IAGLR Great Lakes Revival Report Inspires Hope
Posted on: September 5, 2019
The International Association of the Great Lakes released the Great Lakes Revival report on August 13, 2019. It documents 10 Area of Concern case studies where clean-up and collaboration has lead to community revitalization.

In the current climate crisis, it is nice to come upon a positive story once in a while. The Great Lakes Revival report tells several such stories. It details some of the most important actions that citizens around the Great Lakes have committed to and delineates why funding for these efforts is so essential. Developed in response to the “Restoring the Great Lakes Areas of Concern” symposium at the 2017 International Association for Great Lakes Research conference, the report presents 10 unique case studies where contaminated waterways were, or are being, cleaned-up thereby reconnecting communities with their waterways: Buffalo River (NY), Collingwood Harbour (ON), Cleveland Flats and the Cuyahoga River (OH), Detroit River (MI), Hamilton Harbour (ON), Muskegon Lake (MI), River Raisin (Monroe, MI), Severn Sound (ON), St. Louis River (Duluth, MN and WI), and Toronto Harbour (ON).


Read the full report: Great Lakes Revival


Industry Boom to Bust


Each of these 10 AOC regions experienced substantial prosperity during the industrial revolution in the 1800s and into the early 1900s. Cities like Buffalo, Collingwood, and Duluth were critical port cities for transporting grain, lumber and iron. There was also substantial ship building industries in Collingwood and Duluth. In the 1880s, Cleveland was the centre of American petroleum production, being home to 90% of US refineries and pipelines. Cleveland also had active paint production, ironworks and steel mill industries by this time. Hamilton, Ontario was the centre of Canadian Industry in the mid-1800s. The lumber industry on the shores of Muskegon Lake made many people into millionaires in the late 1800s.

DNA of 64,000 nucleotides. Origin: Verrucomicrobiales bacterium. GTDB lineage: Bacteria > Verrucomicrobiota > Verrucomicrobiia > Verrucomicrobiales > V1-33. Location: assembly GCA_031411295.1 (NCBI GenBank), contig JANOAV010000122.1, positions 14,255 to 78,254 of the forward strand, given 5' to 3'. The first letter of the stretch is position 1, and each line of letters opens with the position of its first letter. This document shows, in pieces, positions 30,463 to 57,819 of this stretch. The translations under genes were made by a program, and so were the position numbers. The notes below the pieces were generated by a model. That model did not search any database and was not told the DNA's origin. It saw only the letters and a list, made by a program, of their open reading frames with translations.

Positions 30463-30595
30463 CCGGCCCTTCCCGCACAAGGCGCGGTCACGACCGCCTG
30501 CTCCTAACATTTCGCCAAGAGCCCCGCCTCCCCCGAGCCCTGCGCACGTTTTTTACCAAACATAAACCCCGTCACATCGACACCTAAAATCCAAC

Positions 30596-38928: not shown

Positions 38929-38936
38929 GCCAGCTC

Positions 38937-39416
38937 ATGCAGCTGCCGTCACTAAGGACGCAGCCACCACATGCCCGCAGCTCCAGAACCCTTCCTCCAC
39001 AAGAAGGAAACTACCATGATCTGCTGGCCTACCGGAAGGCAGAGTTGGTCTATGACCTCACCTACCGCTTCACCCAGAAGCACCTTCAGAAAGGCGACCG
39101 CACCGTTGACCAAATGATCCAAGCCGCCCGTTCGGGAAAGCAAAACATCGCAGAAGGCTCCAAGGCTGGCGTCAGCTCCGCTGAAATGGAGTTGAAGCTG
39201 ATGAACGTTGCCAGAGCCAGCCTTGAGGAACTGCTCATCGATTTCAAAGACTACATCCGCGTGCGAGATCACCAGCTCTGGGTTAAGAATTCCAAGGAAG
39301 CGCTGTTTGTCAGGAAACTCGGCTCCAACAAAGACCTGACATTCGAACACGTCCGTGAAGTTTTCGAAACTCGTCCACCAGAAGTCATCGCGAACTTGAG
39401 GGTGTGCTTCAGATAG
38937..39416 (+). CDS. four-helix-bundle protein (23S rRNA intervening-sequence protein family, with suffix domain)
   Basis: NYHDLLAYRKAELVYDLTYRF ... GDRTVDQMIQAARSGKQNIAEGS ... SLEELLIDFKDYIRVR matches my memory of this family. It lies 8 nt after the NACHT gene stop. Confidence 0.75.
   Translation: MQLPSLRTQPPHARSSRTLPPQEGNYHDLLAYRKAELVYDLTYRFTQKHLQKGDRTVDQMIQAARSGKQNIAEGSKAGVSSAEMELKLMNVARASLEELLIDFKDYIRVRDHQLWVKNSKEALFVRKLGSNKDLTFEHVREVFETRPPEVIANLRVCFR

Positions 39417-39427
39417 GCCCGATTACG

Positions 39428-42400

In 1969, the Cuyahoga River caught fire due to extensive pollution. The event spurred major environmental protection efforts and was influential in creating the Clean Water Act and the US-Canada Great Lakes Water Quality Agreement. (Open Access)

Unfortunately, there were not significant protections in place for the waters that surrounded, and were essential to, these industries. The consequences of industrial and municipal development was obvious by the 1960s. The Buffalo River and Cuyahoga River each caught fire in 1968 and 1969 respectively, though the Cuyahoga had done so many times before. These major events helped to garner awareness and by 1970, public opinion had shifted towards greater care for the environment. The same year, the first Earth Day was held. The public outcry associated with the 1969 Cuyahoga River fire was influential in the passing of the Clean Water Act and the signing of the US-Canada Great Lakes Water Quality Agreement, both in 1972. Further protections for wildlife were ensured in 1973 when the Endangered Species Act was passed.

Nearly a decade later, the industrial recession led to the closure of many industries. In 1980, the Comprehensive Environmental Response, Compensation and Liability Act and Superfund was passed to help fund the associated clean-up required. In 1985, progress had begun on identifying the 42 most contaminated regions in the Great Lakes watershed, now known as Great Lakes Areas of Concern (AOCs). A 43rd AOC was added in 1987. Communities from each of the 10 AOCs covered in the Great Lakes Revival report began by committing to initiating Remedial Action Plans (RAPs).